Monday, February 7, 2011
Epiphany 5 - Fr. Peter Anthony
Homily given by Fr Peter Anthony, the Junior Dean of the House on Epiphany 5, 6th February 2011. (Readings: Isa 58.1-9; 1 Cor 2.1-12; Mt 5.13-20)
I thought the wikileaks scandal was over, but no this week there has been a further release of American diplomatic telegrams, which I have to confess I have found compulsive reading. There was, for example, one from the American ambassador in Bangkok about the habits of the Crown Prince of Thailand. Principal amongst them is an extraordinary fondness for his pet poodle called Foo Foo. So great is the Prince’s affection for Foo Foo that he has decreed the dog be officially accorded the rank of Air Chief Marshal. And indeed the ambassador reported seeing Foo Foo, dressed in a full poodle sized uniform of an Air Chief Marshal. This all took place at a party which the Prince threw for the dog’s birthday. Foo Foo was allowed to jump on to the dining table and to lap from the water glass of several of the guests, who were unable to do anything about it, as there was nobody present with sufficient military rank to be able to order the dog off the table.
What a crazy parallel universe some people live in. Completely disconnected from reality...entirely out of touch with ordinary people. And yet: isn’t that precisely the same accusation that many make against the Church? The Church is plugged into a way of seeing the world that nobody believes in any longer. The Church is out of touch with most people’s aspirations. And sometimes, when one sees its disputes and schisms reported on the TV, it does seem the Church is not all that far being like Foo Foo the poodle. In the Church, we give each other grandiose titles, do we not, that go with splendid outfits, just like Foo Foo. We, too, have curious ritualized meals together. We too are a hierarchy where bishops, just like Foo Foo the poodle, sometimes can’t be contradicted.
But if that ever were the case, the words Jesus addresses to us in today’s gospel go right to the heart of what we need to do about that. “You are the salt of the earth, but if salt has lost its taste, how can its saltiness be restored? It is no longer good for anything, but is thrown out and trampled underfoot.” What does Jesus mean by describing us as salt? Whatever analogy he is drawing – he is surely saying that the presence of his disciples in the world, like salt, is crucial. The world cannot survive without salt. Salt is what gives taste and savour. It’s what gives food its bite, its reality. We need salt in our bodies for a whole range of chemical processes. Life without salt is impossible.
And so should Jesus’ disciples be to the world. They will be a sign of a crucial essence without which the world would not be the world – the love of God. The Church will be the sacrament of salvation making Christ present, and drawing others to him.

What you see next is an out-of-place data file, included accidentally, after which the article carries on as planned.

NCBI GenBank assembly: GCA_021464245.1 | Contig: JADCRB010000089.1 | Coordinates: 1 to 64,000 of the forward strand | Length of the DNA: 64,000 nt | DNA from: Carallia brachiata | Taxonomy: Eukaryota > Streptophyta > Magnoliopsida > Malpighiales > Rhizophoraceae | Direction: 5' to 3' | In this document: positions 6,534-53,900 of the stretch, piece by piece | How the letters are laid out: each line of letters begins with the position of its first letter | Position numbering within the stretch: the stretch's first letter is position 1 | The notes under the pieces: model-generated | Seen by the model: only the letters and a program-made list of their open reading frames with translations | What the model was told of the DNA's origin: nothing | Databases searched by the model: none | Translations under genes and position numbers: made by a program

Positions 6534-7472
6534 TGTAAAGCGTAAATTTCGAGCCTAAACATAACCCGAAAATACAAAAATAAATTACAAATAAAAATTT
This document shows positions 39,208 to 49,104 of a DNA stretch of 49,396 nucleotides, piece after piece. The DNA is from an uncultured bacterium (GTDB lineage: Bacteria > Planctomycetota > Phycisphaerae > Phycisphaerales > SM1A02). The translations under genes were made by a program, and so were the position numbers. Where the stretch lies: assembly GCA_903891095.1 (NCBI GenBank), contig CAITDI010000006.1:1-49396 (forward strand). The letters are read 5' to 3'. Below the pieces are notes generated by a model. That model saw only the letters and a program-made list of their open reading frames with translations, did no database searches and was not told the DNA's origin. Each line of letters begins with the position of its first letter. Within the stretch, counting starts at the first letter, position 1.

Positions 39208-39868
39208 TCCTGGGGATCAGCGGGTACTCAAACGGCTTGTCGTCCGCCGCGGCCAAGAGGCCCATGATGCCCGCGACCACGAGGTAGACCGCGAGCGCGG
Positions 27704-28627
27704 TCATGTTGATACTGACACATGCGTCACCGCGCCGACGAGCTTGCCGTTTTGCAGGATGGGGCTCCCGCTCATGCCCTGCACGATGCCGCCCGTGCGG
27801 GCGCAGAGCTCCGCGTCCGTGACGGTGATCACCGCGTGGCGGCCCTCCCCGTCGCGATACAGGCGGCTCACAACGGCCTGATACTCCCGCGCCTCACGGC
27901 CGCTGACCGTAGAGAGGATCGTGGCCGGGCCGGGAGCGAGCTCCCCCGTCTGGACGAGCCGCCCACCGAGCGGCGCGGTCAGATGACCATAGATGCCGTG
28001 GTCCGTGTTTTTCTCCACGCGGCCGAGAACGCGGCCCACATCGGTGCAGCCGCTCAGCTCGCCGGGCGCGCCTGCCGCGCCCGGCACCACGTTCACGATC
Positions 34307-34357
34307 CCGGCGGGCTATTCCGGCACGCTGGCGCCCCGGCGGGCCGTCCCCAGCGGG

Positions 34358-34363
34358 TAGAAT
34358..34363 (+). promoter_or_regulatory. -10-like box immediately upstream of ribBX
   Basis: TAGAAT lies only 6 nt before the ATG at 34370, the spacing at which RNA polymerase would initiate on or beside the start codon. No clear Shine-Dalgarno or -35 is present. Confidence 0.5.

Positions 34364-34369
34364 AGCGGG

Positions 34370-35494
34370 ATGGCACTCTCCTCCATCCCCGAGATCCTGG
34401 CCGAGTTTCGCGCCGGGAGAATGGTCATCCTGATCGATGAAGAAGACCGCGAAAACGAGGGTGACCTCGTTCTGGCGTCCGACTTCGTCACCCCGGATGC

But Jesus makes it plain that it will be possible for us to prevent his presence being seen in the Church. Through our failings, our neglect, or lack of zeal, we can make the Church seem as useless or as ridiculous as Foo Foo the poodle. And the heart of what Jesus tells us in today’s gospel is that when that happens, we can so compromise the Church’s mission in the sight of the world that we become as worthless as salt which has lost its saltiness: “No longer good for anything...thrown out...trampled under foot.”
What can we do about that? I think the Lord is calling us to remember one very simple thing this morning. It is this: for the Christian community genuinely to be the Church we must somehow make a difference. The Christian vocation is not a heroic Palagian struggle to be perfect or respectable; it’s about others seeing Christ alive in us. Wherever we are, whatever the Christian community is that we’re a part of, those around us must see that Christ present in us makes a difference to the world. Be that through running a soup kitchen and thrift shop for the homeless...or hearing the confessions of grand ladies in pearls and fur. It doesn’t matter what it is. To be authentically the Church, we have somehow to make God’s love present in the context where he has placed us. Christian communities that go wrong, shrink, or become dysfunctional, have nine times out of ten, lost sight of that calling: they become self-serving, introspective and ultimately die – but usually not before they have given Christian faith a bad name.
Why should the Church make a difference in the world? Simply because God wants to make a difference in the world. That’s why he sent his Son to die and rise for us. And until he comes again, we are the ones who are privileged enough, through his Spirit, to be his Body in the world; to be nothing less than the face of Jesus to those around us.